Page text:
A $35-billion water infrastructure bill that forms a portion of President Joe Biden’s infrastructure plan passed the U.S. Senate on April 29 with an overwhelming 89-vote majority and just two dissenting votes.
The Drinking Water and Wastewater Infrastructure Act includes $14.65 billion each for Drinking Water and Clean Water state revolving funds, or SRFs, spread over the next five years.
It is both the first Congressionally approved infrastructure bill and the first component of the American Jobs Plans passed in this legislative session, a relatively easy first win, having sailed through the Senate Environment and Public Works Committee March 24 on a 20-0 vote with support from groups across industry and environmental organizations.
Still, proponents are framing the bill's passage as a potentially propulsive first step for Biden's larger, $2.3-trillion infrastructure plan.
“This legislation shows that water infrastructure investment is a bipartisan issue, and it can serve as an important foundation for including water as a major component in a broad infrastructure package,” said Adam Krantz, CEO of the National Association of Clean Water Agencies, in a statement.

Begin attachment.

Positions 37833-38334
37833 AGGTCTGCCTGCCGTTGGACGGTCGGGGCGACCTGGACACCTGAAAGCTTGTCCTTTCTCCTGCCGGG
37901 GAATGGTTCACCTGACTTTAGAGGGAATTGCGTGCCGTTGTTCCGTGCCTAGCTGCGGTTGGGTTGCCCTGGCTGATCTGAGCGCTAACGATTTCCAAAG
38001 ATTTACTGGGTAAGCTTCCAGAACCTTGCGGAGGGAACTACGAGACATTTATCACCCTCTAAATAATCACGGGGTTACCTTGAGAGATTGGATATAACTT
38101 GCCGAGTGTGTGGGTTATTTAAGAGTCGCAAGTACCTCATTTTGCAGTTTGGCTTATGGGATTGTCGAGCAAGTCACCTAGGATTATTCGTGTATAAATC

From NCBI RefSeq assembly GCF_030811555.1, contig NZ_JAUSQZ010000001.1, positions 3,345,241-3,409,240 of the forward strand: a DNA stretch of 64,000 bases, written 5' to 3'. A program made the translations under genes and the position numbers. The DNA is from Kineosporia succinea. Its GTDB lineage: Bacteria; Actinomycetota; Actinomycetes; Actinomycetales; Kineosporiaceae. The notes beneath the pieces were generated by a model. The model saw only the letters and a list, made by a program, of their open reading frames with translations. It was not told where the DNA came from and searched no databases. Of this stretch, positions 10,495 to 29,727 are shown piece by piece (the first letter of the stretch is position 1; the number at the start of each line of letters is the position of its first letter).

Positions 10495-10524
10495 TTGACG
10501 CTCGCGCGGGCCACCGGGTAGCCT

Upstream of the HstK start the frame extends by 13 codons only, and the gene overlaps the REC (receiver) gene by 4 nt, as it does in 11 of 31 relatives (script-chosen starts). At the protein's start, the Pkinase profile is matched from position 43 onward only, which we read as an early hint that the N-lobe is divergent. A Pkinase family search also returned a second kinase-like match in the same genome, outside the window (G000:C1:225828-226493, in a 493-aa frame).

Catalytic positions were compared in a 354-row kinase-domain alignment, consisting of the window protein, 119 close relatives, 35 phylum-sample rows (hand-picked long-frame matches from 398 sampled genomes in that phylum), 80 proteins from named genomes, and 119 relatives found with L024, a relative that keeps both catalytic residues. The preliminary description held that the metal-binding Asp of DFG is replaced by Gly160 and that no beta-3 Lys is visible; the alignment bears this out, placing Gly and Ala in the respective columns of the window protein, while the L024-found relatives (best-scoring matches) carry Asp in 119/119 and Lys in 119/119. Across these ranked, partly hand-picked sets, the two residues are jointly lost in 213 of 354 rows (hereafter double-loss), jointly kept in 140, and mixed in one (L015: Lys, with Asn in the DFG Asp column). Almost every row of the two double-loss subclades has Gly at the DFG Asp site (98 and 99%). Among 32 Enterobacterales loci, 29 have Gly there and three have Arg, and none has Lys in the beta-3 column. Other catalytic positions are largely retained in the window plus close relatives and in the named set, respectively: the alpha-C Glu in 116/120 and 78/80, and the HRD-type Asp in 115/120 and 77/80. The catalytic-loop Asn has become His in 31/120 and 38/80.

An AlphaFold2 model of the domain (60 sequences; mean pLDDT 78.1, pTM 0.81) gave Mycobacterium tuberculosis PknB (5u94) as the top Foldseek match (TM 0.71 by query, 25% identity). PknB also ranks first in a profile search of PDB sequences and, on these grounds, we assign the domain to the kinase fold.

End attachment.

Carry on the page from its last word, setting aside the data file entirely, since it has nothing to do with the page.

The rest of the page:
Sen. Tom Carper (D-Del.) also highlighted the bill's economic and environmental benefits, saying it "invests in strengthening our nation’s water systems to foster economic growth, build climate-resilient infrastructure, and help ensure that all Americans have access to clean, safe water.”
Passage "provies that infrastructure can be done on a bipartisan basis,” wrote Sen. Shelley Moore Capito (R-W.Va.) in a tweet. Republicans recently unveiled their own, smaller, infrastructure plan.
The water infrastructure bill reauthorizes program funding through fiscal 2026, with annual amounts for program components to be determined by appropriations committees.